Facts about Beach Plum

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Beach Plum Quick Facts
Name: Beach Plum
Scientific Name: Prunus maritima
Origin Mid-Atlantic coastal region occurring as far north as the Canadian Maritime Provinces and south to northern Virginia
Colors Ranges in color from a red to bluish purple to dark purple.
Shapes Small spherical cherry shaped edible fruit which measures 0.5-1 in (1.5-2.5 cm) in diameter
Taste Varies greatly from naturally sweet to tart or bitter
Health benefits Alzheimer's disease, Parkinson's diseases, common cold, flu, heart diseases, diabetes and obesity
Prunus maritima commonly known as beach plum is a deciduous shrub belonging to the Rosaceae (rose family) which includes about 2000 species of trees, shrubs, and herbs worldwide. The plant is native to Mid-Atlantic coastal region occurring as far north as the Canadian Maritime Provinces and south to northern Virginia. Although sometimes listed as extending to New Brunswick, the species is not known from collections there, and does not appear in the most authoritative works on the flora of that Canadian province. Few of the popular common names of the plant are Beach plum, seaside plum, sand plum, Graves’ plum, Shore plum, Graves’ beach plum and American plum.

The plant is harvested from the wild for local use as a food. Improved cultivars are grown commercially as a fruit crop, and the plant is also grown as an ornamental. With its suckering habit, the plant can be grown in soil stabilization projects. Its plums are edible, but are quite tart and acidic, so they are generally used for jams and jellies. This species is used for coastal stabilization, to slow the erosion of sand dunes; in natural settings, it is an important food source for coastal wildlife. Although native to coastal areas, it can grow inland, and is sometimes cultivated for its fruit; several horticultural varieties have been developed.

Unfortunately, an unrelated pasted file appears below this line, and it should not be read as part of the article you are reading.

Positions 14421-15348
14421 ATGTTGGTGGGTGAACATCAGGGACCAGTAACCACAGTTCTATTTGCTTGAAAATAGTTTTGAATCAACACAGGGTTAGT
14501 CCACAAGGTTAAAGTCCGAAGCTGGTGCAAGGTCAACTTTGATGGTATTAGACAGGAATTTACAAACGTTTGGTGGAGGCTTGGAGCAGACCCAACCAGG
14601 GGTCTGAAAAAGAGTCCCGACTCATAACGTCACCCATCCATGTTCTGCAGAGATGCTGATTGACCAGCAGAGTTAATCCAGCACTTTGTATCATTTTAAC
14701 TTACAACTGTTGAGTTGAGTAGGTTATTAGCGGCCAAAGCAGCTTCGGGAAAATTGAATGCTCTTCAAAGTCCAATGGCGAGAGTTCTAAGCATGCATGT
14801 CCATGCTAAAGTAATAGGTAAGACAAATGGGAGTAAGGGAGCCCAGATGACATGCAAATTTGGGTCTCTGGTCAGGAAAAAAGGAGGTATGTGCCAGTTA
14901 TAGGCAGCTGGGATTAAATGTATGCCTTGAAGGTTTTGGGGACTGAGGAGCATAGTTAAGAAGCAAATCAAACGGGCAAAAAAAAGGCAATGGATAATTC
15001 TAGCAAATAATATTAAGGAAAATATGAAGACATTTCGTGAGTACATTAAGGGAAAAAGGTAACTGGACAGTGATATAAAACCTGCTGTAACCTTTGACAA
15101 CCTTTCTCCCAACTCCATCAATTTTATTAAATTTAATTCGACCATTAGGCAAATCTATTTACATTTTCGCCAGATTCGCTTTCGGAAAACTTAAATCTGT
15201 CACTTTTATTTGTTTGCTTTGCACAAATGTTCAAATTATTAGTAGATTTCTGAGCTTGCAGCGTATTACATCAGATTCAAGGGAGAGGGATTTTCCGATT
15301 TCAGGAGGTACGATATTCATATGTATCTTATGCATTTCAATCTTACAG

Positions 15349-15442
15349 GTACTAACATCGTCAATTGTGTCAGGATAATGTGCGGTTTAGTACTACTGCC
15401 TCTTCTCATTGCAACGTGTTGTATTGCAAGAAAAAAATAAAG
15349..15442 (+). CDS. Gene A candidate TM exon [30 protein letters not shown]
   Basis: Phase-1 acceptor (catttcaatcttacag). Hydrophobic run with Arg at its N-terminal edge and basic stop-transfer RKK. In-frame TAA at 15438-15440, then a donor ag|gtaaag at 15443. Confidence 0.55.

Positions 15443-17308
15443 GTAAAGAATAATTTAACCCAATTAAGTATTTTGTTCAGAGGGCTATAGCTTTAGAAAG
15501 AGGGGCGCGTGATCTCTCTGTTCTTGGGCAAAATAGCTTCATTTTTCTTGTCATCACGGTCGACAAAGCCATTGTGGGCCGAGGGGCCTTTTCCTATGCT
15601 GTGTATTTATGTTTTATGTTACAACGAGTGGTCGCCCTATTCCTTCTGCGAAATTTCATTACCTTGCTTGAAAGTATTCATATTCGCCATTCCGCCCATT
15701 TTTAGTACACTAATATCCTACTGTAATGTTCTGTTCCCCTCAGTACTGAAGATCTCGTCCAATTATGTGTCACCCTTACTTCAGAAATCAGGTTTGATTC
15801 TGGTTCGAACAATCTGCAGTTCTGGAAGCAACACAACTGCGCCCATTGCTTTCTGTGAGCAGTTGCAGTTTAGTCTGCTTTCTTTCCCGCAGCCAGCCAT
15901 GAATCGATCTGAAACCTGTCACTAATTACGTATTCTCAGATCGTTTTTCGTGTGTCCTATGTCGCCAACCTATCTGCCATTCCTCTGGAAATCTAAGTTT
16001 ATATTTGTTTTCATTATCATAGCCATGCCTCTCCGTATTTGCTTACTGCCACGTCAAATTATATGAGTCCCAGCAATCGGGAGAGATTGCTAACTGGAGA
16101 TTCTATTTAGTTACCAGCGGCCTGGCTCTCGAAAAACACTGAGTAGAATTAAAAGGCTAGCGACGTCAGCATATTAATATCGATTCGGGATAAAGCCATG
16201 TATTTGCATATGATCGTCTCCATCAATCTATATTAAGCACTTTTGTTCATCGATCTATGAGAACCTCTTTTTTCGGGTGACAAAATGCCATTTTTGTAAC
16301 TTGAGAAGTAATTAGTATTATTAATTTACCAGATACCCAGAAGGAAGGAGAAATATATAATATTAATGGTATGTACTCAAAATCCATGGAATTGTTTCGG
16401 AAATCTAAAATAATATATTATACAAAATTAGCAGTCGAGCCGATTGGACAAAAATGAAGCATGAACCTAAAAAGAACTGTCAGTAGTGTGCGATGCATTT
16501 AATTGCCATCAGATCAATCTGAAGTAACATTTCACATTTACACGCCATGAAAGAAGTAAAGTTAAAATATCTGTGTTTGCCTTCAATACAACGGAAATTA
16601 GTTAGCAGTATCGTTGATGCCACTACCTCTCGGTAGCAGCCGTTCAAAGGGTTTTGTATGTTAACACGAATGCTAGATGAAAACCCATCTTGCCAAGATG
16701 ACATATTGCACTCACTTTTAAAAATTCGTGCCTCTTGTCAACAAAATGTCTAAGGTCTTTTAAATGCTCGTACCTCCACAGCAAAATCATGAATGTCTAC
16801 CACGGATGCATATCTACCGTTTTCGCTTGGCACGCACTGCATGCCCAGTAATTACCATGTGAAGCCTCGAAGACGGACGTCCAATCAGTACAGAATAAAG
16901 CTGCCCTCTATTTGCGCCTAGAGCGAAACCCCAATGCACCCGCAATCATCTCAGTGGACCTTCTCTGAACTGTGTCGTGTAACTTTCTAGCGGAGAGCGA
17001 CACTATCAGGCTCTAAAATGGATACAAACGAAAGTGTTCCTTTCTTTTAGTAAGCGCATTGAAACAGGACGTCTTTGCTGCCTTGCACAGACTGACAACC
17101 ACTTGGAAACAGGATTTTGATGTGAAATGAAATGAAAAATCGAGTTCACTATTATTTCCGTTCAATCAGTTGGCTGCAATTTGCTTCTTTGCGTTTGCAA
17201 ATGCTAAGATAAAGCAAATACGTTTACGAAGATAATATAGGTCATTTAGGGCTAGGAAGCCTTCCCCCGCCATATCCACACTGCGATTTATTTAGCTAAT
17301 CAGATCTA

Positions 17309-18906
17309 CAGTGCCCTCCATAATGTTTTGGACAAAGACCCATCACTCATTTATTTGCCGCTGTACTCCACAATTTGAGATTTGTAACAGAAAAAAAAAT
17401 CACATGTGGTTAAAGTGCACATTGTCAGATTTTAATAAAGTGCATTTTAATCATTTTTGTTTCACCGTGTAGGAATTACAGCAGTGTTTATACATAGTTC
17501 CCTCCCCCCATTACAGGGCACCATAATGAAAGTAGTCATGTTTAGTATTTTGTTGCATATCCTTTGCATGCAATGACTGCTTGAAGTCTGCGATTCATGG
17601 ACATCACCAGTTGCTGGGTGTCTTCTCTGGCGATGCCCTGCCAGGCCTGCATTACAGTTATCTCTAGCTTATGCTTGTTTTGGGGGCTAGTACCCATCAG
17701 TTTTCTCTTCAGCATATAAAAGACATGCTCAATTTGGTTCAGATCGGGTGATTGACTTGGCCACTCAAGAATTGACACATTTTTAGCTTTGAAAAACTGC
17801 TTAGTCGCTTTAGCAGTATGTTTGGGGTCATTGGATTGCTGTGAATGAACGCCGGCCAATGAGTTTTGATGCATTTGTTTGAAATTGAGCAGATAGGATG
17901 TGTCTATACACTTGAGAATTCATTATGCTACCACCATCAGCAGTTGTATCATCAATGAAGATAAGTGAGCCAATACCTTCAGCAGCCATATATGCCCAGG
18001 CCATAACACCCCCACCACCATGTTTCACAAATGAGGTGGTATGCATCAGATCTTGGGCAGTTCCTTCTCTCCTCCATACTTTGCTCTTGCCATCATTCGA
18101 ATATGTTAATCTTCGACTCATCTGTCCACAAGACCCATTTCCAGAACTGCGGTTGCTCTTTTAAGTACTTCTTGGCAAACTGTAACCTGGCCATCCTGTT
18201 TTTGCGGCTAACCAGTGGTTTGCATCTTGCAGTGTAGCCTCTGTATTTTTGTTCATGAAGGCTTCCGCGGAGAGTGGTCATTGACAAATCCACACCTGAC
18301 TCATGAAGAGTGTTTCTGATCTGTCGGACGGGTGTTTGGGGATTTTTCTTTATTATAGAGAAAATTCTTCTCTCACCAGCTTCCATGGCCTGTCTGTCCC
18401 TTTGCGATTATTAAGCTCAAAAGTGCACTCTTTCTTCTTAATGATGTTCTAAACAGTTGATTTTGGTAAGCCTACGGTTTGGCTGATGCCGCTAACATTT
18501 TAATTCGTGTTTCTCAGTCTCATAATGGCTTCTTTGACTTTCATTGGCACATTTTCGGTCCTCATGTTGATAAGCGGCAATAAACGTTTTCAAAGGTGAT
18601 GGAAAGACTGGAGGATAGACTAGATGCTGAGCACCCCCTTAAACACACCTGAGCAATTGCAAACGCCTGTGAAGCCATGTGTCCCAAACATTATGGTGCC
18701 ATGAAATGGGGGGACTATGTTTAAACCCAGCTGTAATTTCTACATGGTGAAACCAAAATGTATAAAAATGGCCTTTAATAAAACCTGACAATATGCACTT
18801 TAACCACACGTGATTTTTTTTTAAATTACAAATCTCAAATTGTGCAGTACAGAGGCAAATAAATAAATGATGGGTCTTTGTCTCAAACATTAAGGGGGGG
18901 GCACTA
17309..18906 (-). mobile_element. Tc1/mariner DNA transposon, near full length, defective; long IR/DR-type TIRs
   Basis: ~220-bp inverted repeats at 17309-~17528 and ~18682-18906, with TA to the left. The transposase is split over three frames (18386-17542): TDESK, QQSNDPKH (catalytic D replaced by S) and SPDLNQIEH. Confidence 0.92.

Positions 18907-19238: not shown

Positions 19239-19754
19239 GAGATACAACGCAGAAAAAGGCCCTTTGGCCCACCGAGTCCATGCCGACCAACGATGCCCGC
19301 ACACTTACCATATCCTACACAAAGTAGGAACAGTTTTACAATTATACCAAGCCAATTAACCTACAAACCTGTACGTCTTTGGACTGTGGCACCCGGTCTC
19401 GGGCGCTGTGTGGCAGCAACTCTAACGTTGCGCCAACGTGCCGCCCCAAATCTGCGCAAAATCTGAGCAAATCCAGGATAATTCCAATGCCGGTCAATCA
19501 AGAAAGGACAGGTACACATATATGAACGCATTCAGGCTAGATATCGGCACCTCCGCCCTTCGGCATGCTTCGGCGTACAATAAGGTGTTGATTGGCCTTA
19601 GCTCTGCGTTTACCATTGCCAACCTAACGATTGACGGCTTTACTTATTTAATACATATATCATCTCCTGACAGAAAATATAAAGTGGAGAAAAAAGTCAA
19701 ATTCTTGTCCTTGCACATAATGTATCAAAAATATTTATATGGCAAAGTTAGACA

Beach Plum Facts

Name Beach Plum
Scientific Name Prunus maritima
Native Mid-Atlantic coastal region occurring as far north as the Canadian Maritime Provinces and south to northern Virginia
Common Names Beach plum, seaside plum, sand plum, Graves’ plum, Shore plum, Graves’ beach plum, American plum
Name in Other Languages Afrikaans: Strand pruim
Albanian: Kumbull plazhi
Amharic: Yebahiri daricha pilemi (የባህር ዳርቻ ፕለም)
Arabic: Albarquq alshshati (البرقوق الشاطئ), khukh bahriun (خوخ بحري)
Armenian: Loghap’ salor (լողափ սալոր)
Azerbaijani: Cimərlik gavalı
Bengali: Saikata bara I (সৈকত বরই)
Bulgarian: Plazhna sliva (плажна слива), morska sliva (морска слива)
Burmese: Kamhkyay jee see (ကမ်းခြေဇီးသီး)
Chinese: Hǎitān méi (海滩梅), Hǎibīn lǐ (海濱李)
Croatian: Plava šljiva
Czech: Plážová švestka, Švestkovišeň pomořská
Danish: Strand blomme
Dutch: Strand pruim
English: Beach plum, Shore plum, Graves’ beach plum, Graves’ plum, American plum
Esperanto: Strando pruno
Estonian: Ranna ploom
Filipino: Beach plum
Finnish: Ranta luumu
French: Prune de plage, Prunier des grèves        
Georgian: P’lazhis kliavi (პლაჟის ქლიავი)
German: Strandpflaume